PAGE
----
‘Band Aid’ joins music with couples therapy: An interview with Zoe Lister-Jones

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“Band Aid” opens on a couple bickering by the kitchen sink. The faucet drips and a stack of plates leans Tower of Pisa-style while the pair clarify housekeeping rules. The fight works its way from an argument about kitchen upkeep, to a plea for more blow jobs, to a “fuck you” shouting match.

And thus, we enter the world of Anna (Zoe Lister-Jones) and Ben (Adam Pally), a duo that’s hanging onto their relationship by a thread.

The scene was also among the first creative seeds to be planted as “Band Aid” writer, director and producer Zoe Lister-Jones developed the film.

“My first image that inspired the script as a whole was opening on a fight,” Lister-Jones said in an interview. “I thought it would be so cool as a viewer to just be thrown in the middle of a fight and not know where you are or where you’re going.”

The film takes us along for the ride as Anna and Ben work through their major rough patch. Anna, fresh off a failed book deal, drives an Uber by day. Ben is a graphic artist struggling to find solid work — and the inspiration to do it. Desperate to save their relationship, they agree to work through their relationship by turning all of their fights into songs in a band called The Dirty Dishes, with the company of their drummer and looming neighbor Dave (Fred Armisen).

First-time solo director Lister-Jones guides “Band Aid” with a realistic, handheld direction, and yet maintains a tinge of whimsy and immaturity through the band itself. Both emotional facets come hand-in-hand for any relationship, and the film provides an in-depth look into why people stay in romantic partnerships. We see a couple reach their most raw and vulnerable in relationship-defining arguments later in the film, ones much more poignant than the kitchen sink squabble, but also see a couple sing silly lyrics and riff over pizza in their garage.

“Being raised by artists and being an artist myself, those notions of failure and heartache around one’s creative process and rejection are very real for me,” Lister-Jones said. Those struggles are key in examining the nature of Anna and Ben’s relationship with each other, as well as their individual artistic journeys.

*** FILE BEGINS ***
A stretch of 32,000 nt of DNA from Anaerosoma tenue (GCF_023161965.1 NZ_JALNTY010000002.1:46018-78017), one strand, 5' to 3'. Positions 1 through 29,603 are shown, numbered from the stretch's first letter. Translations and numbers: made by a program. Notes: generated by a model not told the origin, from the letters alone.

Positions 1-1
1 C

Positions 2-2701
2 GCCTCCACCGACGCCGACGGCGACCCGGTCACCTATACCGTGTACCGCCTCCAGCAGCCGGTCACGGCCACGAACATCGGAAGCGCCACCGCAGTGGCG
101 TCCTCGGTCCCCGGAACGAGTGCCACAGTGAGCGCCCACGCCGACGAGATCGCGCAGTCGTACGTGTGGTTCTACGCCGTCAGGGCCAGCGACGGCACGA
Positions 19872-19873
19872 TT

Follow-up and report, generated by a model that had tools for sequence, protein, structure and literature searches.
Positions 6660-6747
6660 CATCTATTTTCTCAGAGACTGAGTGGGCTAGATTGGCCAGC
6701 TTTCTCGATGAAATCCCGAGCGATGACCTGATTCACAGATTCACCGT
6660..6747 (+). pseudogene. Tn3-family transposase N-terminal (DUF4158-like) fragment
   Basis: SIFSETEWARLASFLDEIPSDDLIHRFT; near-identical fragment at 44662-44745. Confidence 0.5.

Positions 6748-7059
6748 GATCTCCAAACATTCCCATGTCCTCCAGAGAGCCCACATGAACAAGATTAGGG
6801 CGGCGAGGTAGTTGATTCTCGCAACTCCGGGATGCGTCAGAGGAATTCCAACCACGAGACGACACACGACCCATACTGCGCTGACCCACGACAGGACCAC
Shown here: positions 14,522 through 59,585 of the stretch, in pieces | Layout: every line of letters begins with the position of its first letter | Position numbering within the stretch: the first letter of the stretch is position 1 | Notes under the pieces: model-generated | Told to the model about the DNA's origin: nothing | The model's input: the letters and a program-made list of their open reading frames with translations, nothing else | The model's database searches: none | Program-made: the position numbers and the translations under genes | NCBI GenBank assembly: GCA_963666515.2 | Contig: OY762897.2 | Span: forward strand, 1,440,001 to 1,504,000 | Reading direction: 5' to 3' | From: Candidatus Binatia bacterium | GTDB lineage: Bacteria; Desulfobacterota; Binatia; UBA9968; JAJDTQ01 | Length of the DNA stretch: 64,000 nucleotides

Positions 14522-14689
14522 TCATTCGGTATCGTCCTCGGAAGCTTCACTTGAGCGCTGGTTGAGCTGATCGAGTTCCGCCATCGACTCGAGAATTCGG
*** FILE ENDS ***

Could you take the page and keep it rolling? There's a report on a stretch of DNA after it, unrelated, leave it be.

In one scene, the couple joins Dave in their garage to brainstorm song ideas. The meetup follows what was meant to be a creative excursion, but had turned into just a typical, mindless afternoon on shrooms for Anna and Ben. As Dave looks on awkwardly from his drumkit, the two begin arguing because Ben can’t remember the song ideas the they produced during their shroom session. Out of exasperation, Dave plays a beat and urges his bandmates to just play something instead of arguing. What results is a song that lyrically pits their misunderstandings against one another — the tension dissipates, the music acting as a tonic to their communication mishap.

Lister-Jones jokingly calls Anna and Ben’s band a form of “ther-aoke.” “(It’s a) therapeutic act that becomes more of an artistic endeavor,” she said. For the film couple, both artists in their own right, The Dirty Dishes becomes a mode of processing their arguments in a non-erosive way.

“Band Aid” explores not only the couple’s misgivings and failures, but also what it means to be an artist at large: without an efficient, healthy way to deal with emotional matters, one resorts to art as a form of therapy. It’s why painters paint, why writers write, why filmmakers like Lister-Jones make films.

“(Art is) too hard a profession to not have a dire need to figure something out that is emotionally based,” Lister-Jones said. Similarly, the need to break free artistically is absolutely essential to the Anna and Ben’s future together. Prior to the creation of their band and the songs about their epic quarrels, the couple was at a emotional stalemate. Here, “Band Aid” puts the healing properties of art and creativity on display.

Contact Danielle Gutierrez at [email protected]. Tweet her at @dmariegutierrez.